Thus Brexit may in fact provide grounds for terminating an existing contract if Brexit renders it significantly more difficult or impossible to perform. This could take place via various legal doctrines, which would depend on how the contract is interpreted. A material adverse change clause would probably not apply here, as these do not cover circumstances known to the parties when the contract was entered, and the possibility of Brexit was well known. As such it would be sensible to insert explicit provisions into contracts dealing with Brexit and how responsibility should lie. After Brexit has been completed, illegality provisions might also be triggered if a businesses’ licence depends on EU legislation, which might not apply anymore. Generally, the changes here bring with them undesirable uncertainty, and so there may be a surge in arbitration so as to ensure that transactions are a known quantity.

More broadly, it would need to be made clear when contracting what the applicable law is, how disputes will be resolved, and who is responsible for keeping on top of changes in the governing law. Currently, if the contract were stipulated as applying “English law” as the governing law, this would be taken to include the relevant EU law. However, this would no longer be the case post-Brexit, and this might have a substantial change on the nature or meaning of a contract. However, it must be considered whether the law in an area is harmonised at an EU level – if it has not been, then the English law may be different anyway, and so Brexit will not matter. If the law is harmonised, it depends on whether the underlying rule is a Regulation or a Directive. Regulations apply rules that bind Member States directly, and so the UK can deviate from these, besides regarding any procedure it had put in place to accommodate Regulations. Conversely, Directives have to be implemented by the Member State, and so this will continue to operate through the domestic legislation unless these are repealed.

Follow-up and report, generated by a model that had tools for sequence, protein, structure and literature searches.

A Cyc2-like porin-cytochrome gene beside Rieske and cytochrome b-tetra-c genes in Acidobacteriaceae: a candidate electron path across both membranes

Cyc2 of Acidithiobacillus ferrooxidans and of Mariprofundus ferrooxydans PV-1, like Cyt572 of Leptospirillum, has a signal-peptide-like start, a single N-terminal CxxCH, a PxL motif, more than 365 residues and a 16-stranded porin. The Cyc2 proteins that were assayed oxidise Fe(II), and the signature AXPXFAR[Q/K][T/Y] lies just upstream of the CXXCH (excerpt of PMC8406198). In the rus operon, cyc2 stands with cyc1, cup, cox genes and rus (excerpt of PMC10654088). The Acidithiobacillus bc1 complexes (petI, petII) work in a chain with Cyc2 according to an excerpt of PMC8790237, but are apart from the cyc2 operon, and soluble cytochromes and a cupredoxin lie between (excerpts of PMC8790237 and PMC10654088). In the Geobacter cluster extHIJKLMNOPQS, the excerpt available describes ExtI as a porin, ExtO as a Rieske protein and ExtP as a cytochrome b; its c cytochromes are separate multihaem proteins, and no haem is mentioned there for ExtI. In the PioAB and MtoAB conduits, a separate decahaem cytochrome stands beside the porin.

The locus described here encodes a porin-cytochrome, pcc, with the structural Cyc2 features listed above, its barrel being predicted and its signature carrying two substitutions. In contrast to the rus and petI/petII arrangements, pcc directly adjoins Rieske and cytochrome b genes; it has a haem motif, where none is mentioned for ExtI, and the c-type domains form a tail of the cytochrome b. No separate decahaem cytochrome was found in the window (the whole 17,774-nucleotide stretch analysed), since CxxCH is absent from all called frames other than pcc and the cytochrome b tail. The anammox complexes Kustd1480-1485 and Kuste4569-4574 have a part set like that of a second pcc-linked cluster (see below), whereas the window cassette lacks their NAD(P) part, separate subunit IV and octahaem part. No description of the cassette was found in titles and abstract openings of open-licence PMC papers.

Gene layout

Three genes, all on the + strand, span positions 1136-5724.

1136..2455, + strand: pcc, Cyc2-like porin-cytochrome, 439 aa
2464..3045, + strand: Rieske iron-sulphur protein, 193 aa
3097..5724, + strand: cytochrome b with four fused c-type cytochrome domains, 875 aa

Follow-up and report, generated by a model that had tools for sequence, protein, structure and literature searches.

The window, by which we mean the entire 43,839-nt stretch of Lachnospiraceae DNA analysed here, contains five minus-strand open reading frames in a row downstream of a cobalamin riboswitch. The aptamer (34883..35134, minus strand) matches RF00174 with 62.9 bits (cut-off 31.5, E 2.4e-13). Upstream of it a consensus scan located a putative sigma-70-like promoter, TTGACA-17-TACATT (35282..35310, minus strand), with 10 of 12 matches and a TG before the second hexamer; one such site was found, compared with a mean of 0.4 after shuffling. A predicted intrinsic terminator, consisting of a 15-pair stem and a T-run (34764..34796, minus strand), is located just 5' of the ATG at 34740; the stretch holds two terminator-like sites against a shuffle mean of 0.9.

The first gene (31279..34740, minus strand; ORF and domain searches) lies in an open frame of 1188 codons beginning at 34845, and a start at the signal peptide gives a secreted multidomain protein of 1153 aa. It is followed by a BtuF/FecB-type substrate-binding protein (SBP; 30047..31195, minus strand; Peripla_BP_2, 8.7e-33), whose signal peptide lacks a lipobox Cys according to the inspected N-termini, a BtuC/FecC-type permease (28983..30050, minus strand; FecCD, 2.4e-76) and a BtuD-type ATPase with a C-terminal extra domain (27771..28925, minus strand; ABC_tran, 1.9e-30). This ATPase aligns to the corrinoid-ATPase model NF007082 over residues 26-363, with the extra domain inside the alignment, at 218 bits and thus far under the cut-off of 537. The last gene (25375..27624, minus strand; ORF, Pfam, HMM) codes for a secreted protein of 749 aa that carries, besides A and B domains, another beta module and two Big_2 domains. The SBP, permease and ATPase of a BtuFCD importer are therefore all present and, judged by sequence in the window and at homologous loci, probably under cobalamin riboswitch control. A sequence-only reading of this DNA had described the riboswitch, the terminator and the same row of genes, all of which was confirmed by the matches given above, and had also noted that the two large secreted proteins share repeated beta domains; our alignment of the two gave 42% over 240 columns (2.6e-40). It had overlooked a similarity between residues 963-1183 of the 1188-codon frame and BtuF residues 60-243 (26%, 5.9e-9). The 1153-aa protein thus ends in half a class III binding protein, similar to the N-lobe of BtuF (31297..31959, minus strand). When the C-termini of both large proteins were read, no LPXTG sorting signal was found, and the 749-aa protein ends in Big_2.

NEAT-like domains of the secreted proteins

Litigation

Regarding the legal sector, English law and its courts have been popular with businesses as the UK was part of the EU mutual recognition system on jurisdiction and enforcement under the Brussels I Regulation. This incentive to have matters settled in the UK might slip away, although this depends on whether there is a new rule or agreement to replace this. It is also worth considering conflict of law rules – currently the EU Rome I and II Regulations determine the law applicable to contractual and tortious disputes respectively, and ensure that courts in Member States apply the same law to disputes. In September 2018 the UK Government published guidance noting that it wished to retain Rome I and Rome II. Upon the UK’s exit from the EU, Rome I and Rome II, and the domestic legislation that gave effect to these EU Regulations, will be retained under the European Union (Withdrawal) Act 2018 but will contain deficiencies that need correcting in order for the rules on applicable law to continue to work effectively as UK domestic law. These deficiencies were remedied in December 2018 by the creation of a legal instrument entitled ‘The Law Applicable to Contractual Obligations and Non-Contractual Obligations (Amendment etc.) (EU Exit) Regulations 2018’. This instrument ensures that, subject to technical amendments, Rome I and Rome II apply post-Brexit. Therefore the effects of Brexit in this area have been minimised.